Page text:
I’m getting off topic. I’ll give you some tips, look away if you’re only in this for the intellectual conversation and philosophical debates. If you happen to have the opportunity to delve into the ‘mystery’ that is a vagina, don’t see it as a chore; you’re exploring the body. You’re finding out how to please your partner. Everyone has different tastes and preferences but a good general rule is to start with a flat tongue and long, wide strokes for a while until you recognise how your partner’s body is reacting to certain places you’re paying attention to. Then pay special attention to those places. And for the love of god, if she’s holding your head somewhere, don’t fucking move. She’s holding your head there for a reason.

One last thing: Vagina’s aren’t supposed to smell like mangos and flowers. They’re supposed to smell like vagina. Think about that the next time some poor girl has to suck on your sweaty balls and dick cheese.

Number 4: Anal, Shmanal.

Ah, this is my favourite debate, the ‘that’s the wrONG HOLE’ discussion. Can I just ask, is your obsession with doing it up the bumhole a direct evolutionary blunder or is it just the side effect of watching too much porn? Either way, it doesn’t make any sense. “It’s tighter!” I hear you cry. Yes! Much tighter! That’s why it fucking hurts so much when you try and shove it in there without any lube or preparation J

I saw a brilliant post on tumblr (which I can’t bloody find now) about how, if a boy is pressuring you into doing anal and telling you it won’t hurt, you should buy him a dildo the same size as his manhood and ask him to do it first. “If he’s scared of the pain, case closed.” If not, then at least he’ll understand the preparation and attention that needs to be paid to the area before anything can insert it safely. If you feel like you are being pressured into anything then you should probably get out of there as soon as possible, anyhow.  Sexual exploration should always be safe, consensual and exciting for both parties, and both parties should respect and honour each other’s likes and dislikes without holding it against them.

Personally, I’ve always hated anal. I don’t understand the appeal. I poop from there.

But, if you will insist on following through with your fantasies enforced on you through a highly sexualised society and easy access to degrading, unsafe, unrealistic porn, then so be it. Just be prepared to spend a lot – and I mean a lot – of time with your fingers or other smaller instruments than your willy up there. You can’t just shove it in. Trim your nails, get some nice lube, make sure you’re both comfortable. Having a shower together beforehand is always nice so that you can feel comfortable with each other’s bodies and also know that you’re both clean and fresh.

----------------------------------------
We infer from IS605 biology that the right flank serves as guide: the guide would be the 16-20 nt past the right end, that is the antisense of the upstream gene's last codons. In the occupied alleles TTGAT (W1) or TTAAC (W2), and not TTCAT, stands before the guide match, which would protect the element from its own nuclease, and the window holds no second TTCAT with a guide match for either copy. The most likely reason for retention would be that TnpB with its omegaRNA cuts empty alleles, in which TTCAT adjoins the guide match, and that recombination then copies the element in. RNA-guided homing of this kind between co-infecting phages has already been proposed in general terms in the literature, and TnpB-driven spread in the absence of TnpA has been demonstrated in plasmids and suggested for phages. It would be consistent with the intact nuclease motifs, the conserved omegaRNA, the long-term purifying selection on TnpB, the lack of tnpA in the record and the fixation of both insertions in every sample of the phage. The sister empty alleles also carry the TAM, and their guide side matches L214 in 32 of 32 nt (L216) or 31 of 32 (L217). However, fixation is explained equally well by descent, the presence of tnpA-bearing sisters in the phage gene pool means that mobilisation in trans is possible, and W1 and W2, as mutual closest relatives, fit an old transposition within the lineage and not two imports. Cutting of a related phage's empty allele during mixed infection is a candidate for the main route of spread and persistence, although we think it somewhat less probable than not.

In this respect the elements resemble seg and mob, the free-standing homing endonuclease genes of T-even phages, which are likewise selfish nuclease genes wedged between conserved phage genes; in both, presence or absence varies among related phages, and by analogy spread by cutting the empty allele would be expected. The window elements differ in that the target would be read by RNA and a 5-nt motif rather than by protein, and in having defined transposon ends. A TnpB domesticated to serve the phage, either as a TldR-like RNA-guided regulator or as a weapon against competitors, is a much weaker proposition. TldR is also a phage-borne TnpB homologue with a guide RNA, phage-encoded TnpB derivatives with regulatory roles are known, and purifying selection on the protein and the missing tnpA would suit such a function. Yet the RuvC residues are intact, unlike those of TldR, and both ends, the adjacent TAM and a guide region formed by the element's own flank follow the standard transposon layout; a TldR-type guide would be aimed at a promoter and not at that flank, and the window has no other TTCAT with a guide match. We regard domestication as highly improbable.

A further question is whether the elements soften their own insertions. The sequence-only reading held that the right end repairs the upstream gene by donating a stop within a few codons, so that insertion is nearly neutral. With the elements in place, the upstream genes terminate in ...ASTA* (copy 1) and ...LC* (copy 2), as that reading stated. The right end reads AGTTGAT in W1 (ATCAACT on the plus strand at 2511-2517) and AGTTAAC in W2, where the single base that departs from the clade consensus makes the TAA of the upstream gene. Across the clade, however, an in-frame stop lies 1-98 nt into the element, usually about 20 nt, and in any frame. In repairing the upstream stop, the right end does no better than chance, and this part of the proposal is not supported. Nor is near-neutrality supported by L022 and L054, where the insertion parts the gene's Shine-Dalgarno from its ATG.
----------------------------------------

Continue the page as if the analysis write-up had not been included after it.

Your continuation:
And for the recipient, know that pooping semen is one of the weirdest experiences you’ll ever have.

Number 5: Talk Dirty To Me?

Now, I haven’t claimed to be speaking for anyone in any of these sections but especially so in this one. Personally, dirty talk terrifies me. It’s mainly because I fancy myself a bit of a comedian. If anyone ever says ‘talk dirty to me’ the only things that will ever immediately pop into my mind will be the most un-sexiest things known to mankind. “Shake my titties like a polaroid picture, shake it, sh-sh-sh-shake it.” That and I have the immediate urge to sing the trumpet solo from that Jason Derulo song.

I cannot stand it. Whilst you’re telling me how much you love ‘fucking my tight, wet pussy’ I’m probably grimacing into your shoulder because it’s so unbelievably fake. I hate anything porn-esque and that is on my top three list of Absolutely Not Sexy Ever. I’m biased towards a more intimate style of sex – can you tell? It’s what makes me tick. Not telling me how hot my ‘big juicy titties’ are. I know my tits are phenomenal, thank you. You don’t have to put on a silly voice and tell me whilst your fondling them like a clown’s horn. Honk honk.

I suppose what I’m getting at is that if you don’t have anything nice to say – don’t say it, unless otherwise agreed in terms of kink or preference. If you catch me in a good mood, you might be allowed to call me a slut. But it’s bad dirty talk I cannot condone – uncalled for, awkward and downright disgusting. Kiss my pussy, don’t insult it with your GSCE adjectives.

In Conclusion

Some of you most undoubtedly will get turned on by these behaviours and I don’t wish to undermine your desires. But the fact of the matter is that I am wholeheartedly disappointed in male attitudes to sex, apart from a few exceptions, and believe me, I am speaking from experience. All I wish to do with this particular section is to educate, if nothing else, in sexual consideration for other people. Talk to each other. Treat each other’s bodies nicely. And don’t base your entire sexual knowledge on porn.

Part three will be released tomorrow, on the secret ingredient to good sex.